Logistical legerdemain

April 01, 2004, vol. 29, no. 7
By Diane Luckow

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Marilyn Pankratz will be starting the home stretch, at 5 a.m. on April 20, on more than a year of preparations for SFU's special honorary degree convocation.

The ceremony will honour four world leaders committed to peace - the Dalai Lama, Anglican archbishop Desmond Tutu, human rights activist Shirin Ebadi and former Czechoslovakian president Vaclav Havel.

The four will receive their degrees in a special morning ceremony on April 20 at the newly refurbished Christ Church Cathedral in downtown Vancouver.

The logistics to pull off such an event are surprising, involving dozens of SFU staff and faculty over the past months, as well as outside committees and organizations that include the Tibetan Cultural Society, Buddhist groups, the Dalai Lama's New York office, the RCMP, the Vancouver police, Christ Church Cathedral and UBC, where the four leaders will participate in a round table event after the convocation ceremony.

For Pankratz, SFU's director of ceremonies and events, one of the most difficult issues was determining a fair way to decide who among faculty, staff, students and alumni could attend this historic event. Byron Henry in student services resolved the dilemma by creating an online ticket lottery that attracted 1,200 entries for 100 available tickets.

Organizing the technical requirements for televising and archiving the event fell to the learning and instructional development centre where media developer Michael Pede has been experimenting with leading-edge software that will enable real-time, DVD-quality video transmission over the internet from Christ Church cathedral to audiences at all SFU campuses and to the Morris Wosk centre for dialogue.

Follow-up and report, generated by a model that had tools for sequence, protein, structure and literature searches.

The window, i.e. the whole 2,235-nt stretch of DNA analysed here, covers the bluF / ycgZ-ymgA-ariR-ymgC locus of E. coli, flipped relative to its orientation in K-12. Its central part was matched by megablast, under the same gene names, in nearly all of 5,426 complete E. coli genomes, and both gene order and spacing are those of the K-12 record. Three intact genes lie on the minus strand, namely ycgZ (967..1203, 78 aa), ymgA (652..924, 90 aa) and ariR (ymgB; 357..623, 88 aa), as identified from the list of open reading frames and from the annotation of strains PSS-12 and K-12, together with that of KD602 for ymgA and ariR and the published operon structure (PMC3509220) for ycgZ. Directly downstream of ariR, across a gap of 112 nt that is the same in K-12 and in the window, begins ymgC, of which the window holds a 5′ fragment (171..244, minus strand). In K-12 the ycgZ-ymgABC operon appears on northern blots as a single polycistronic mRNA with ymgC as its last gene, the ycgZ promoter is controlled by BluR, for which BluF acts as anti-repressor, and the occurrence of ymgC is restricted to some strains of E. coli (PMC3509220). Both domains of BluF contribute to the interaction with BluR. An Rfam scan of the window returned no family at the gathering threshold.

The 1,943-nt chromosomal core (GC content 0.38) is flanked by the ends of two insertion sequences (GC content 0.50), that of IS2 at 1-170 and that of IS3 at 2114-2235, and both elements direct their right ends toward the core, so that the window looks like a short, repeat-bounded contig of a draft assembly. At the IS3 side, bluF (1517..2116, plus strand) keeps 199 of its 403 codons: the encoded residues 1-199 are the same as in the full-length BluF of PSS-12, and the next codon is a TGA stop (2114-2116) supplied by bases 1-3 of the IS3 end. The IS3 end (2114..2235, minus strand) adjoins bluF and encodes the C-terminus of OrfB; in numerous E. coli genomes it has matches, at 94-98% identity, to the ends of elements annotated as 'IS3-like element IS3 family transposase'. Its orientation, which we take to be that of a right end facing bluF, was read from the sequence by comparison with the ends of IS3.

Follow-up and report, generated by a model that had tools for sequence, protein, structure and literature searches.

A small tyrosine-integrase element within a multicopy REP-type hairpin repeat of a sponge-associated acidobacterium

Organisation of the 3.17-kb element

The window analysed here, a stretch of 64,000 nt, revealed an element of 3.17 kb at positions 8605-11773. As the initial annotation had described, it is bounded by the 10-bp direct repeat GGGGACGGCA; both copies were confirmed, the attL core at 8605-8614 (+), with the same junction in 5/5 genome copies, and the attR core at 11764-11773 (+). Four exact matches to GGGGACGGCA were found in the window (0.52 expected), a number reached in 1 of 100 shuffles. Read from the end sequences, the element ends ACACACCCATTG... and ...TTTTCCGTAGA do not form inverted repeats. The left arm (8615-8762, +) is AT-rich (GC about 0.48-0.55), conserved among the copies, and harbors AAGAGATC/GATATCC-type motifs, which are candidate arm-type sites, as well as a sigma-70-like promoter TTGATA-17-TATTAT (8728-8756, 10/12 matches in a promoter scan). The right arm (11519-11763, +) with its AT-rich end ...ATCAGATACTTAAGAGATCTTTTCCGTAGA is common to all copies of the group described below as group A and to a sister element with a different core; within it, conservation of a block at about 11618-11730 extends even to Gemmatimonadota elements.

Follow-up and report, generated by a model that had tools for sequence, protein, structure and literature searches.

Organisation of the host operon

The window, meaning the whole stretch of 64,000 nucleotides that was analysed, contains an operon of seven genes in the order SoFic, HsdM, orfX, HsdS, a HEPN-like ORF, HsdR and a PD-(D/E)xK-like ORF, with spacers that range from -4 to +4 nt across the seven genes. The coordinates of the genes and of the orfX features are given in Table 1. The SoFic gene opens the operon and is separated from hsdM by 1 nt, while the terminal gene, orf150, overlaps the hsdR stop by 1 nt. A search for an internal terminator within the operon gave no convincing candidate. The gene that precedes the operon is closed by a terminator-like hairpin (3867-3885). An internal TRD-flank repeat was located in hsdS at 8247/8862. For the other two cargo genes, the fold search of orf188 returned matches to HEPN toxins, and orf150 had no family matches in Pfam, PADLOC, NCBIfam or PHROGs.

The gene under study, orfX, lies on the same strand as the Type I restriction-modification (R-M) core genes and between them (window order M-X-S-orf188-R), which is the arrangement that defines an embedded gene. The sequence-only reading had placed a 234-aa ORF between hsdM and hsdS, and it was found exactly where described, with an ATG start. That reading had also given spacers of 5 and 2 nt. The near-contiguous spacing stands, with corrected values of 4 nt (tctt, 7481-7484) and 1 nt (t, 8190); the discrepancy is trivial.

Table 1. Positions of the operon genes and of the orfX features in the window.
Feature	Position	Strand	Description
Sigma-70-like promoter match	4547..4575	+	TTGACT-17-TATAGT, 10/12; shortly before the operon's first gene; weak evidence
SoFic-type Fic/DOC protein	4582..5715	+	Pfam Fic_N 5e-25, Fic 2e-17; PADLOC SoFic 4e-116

“With four internationally known individuals, there are some interesting protocol issues,” notes Pankratz. She must determine, for example, who will wear the SFU regalia and who requires interpreters; organize special security and coordinate transportation and schedules for degree recipients as well as SFU dignitaries.

Unlike most convocation ceremonies, Pankratz has been inundated with volunteers offering to seat guests, act as marshalls in the convocation procession or help dignitaries don robes. “I usually have to beat the bushes for volunteers at convocation,” she notes wryly.

By 5 a.m. on April 20, Pankratz will be at Christ Church cathedral to ensure that the morning's events run smoothly. Her day won't end until after a special dinner honouring the dignitaries.

“In my 30-plus year career at SFU, this is by far the most complicated event I have organized - and perhaps the most exciting,” she says. “If only I could claim overtime for those hours during the night when my brain won't shut off.”

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